The U.S. Department of the Treasury and the Internal Revenue Service (IRS) issued six notices requesting public input on key climate and clean energy tax incentives in the recently passed Inflation Reduction Act. The notices are a first step in the formal process of implementing the landmark legislation, which $370 billion for support of a renewable energy buildout and climate resilience. The spending will be supported by closing tax loopholes on ultra-wealthy Americans and corporations, and it is intended to put the U.S. within reach of President Biden’s climate goals.
Nearly three-quarters of the Inflation Reduction Act’s climate change investment – $270 billion – is delivered through tax incentives, putting Treasury at the forefront of this critical legislation.
“The Inflation Reduction Act tackles the climate crisis head on and strengthens President Biden’s historic effort to incentivize the energy sector to drive investment and dynamic economic growth while lowering costs for American families,” said Janet L. Yellen, secretary of the Treasury. “The Treasury Department stands ready to meet the responsibility that comes with implementing this legislation and looks forward to engaging with stakeholders and the public who will benefit from the law’s provisions.”
The public will have further opportunities to provide input as the implementation process unfolds, but the notices provide an early way for stakeholders to submit information that can help inform Treasury and the IRS’s work. Soliciting extra input at this early stage will help accelerate the process of providing clarity and certainty to taxpayers. In implementing the historic climate and clean energy provisions of the Inflation Reduction Act, Treasury will be guided by three core principles:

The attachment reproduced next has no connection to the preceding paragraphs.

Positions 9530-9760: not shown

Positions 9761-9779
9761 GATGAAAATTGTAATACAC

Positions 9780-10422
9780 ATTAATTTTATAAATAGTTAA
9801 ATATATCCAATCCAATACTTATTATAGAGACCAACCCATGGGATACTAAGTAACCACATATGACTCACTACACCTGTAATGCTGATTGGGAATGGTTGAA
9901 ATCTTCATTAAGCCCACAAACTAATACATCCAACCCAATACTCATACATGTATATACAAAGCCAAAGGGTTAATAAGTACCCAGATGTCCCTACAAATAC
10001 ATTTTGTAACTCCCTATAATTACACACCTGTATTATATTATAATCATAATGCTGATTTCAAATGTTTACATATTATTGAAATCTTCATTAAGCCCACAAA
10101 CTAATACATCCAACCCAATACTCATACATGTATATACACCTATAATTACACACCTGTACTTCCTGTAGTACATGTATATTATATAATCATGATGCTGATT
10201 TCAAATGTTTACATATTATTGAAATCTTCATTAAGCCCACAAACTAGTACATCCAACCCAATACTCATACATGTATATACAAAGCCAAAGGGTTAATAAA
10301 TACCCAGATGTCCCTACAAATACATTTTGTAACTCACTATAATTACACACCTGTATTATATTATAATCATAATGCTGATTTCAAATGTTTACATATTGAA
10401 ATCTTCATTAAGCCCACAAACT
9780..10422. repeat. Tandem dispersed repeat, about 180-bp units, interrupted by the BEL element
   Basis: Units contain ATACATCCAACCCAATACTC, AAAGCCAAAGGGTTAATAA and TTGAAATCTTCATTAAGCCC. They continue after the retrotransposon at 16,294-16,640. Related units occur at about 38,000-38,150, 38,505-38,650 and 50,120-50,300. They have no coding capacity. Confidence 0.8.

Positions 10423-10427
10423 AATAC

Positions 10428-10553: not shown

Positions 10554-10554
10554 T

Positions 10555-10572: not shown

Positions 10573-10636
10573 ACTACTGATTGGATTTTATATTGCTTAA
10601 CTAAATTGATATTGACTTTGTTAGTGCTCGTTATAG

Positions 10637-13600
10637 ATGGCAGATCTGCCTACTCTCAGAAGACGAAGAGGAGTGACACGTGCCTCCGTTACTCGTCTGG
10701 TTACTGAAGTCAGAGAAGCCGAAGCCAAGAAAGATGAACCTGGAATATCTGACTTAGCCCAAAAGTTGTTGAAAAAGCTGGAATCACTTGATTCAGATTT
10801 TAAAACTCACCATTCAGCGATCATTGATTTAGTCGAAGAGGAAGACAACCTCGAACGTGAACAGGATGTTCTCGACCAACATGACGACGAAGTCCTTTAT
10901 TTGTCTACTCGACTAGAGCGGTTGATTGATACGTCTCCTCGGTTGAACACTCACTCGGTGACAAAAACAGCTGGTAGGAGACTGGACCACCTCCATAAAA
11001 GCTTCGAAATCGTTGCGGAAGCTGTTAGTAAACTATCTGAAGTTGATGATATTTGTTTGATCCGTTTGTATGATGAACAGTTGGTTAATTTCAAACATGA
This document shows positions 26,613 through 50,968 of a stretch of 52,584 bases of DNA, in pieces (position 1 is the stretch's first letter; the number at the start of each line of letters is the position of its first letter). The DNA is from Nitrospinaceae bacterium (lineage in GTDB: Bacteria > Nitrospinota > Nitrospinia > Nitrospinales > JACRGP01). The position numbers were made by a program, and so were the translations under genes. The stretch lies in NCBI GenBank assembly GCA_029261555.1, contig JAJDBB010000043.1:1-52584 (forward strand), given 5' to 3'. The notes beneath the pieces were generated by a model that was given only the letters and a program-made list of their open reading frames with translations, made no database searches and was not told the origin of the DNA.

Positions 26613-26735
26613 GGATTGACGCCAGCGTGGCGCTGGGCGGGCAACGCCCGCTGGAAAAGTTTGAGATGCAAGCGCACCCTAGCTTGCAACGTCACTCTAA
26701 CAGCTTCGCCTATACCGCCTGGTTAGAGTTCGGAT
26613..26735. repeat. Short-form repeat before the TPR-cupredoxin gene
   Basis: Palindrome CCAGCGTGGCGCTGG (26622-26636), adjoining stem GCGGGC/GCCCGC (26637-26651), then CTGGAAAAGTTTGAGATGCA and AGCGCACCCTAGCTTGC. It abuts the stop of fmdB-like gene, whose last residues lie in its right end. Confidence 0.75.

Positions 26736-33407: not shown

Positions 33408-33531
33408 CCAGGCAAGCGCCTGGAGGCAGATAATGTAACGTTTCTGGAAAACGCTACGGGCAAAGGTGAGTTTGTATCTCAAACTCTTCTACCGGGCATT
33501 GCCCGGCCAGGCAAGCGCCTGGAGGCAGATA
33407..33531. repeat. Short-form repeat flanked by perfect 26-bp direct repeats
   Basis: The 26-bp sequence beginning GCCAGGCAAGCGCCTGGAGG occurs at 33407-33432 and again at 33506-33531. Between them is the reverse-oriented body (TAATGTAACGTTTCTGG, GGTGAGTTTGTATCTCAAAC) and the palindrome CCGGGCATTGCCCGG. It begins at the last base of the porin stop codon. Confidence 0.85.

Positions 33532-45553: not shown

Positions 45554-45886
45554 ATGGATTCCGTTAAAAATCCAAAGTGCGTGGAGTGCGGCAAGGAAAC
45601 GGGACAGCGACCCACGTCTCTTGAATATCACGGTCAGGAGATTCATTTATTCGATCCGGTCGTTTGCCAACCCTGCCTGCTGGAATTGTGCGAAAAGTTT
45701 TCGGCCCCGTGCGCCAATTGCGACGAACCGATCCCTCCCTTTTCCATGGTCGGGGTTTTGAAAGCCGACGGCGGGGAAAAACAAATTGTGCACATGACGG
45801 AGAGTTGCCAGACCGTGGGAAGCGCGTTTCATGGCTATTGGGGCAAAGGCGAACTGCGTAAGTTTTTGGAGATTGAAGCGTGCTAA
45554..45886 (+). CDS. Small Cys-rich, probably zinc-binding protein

- Robust Public Engagement: Treasury will engage a broad spectrum of taxpayers and stakeholders to inform guidance and rulemaking. With the release of the notices, Treasury has begun the process of soliciting comments from the public on key provisions. Over the coming weeks, Treasury will be convening several initial stakeholder roundtables to hear directly from a wide range of voices.
- Clarity and Certainty: Treasury will work expeditiously to provide clarity and certainty to taxpayers, so the climate and economic benefits of this historic legislation can be felt as quickly as possible. For example, in August, Treasury and the IRS immediately issued initial guidance on the electric vehicle tax credit and worked closely with the Department of Transportation and Department of Energy so taxpayers could easily find a list of eligible vehicles online.
- Sound Stewardship: Treasury will work closely with the IRS to put in place effective guardrails and reporting to ensure the benefits are delivered as Congress intended. Treasury is committed to ensuring that as many eligible taxpayers as possible benefit from the incentives provided by law while protecting against fraud and abuse.
Treasury has released a fact sheet that includes additional information about the Notices and Treasury and the IRS’s implementation process. Those interested in commenting should reply as soon as possible, ideally by November 4, 2022.
The six Notices are as follows:
- Energy Generation Incentives
- Credit Enhancements
- Incentives for Homes/Buildings
- Consumer Vehicle Credits
- Manufacturing Credits
- Credit Monetization
The Notices can also be accessed here.
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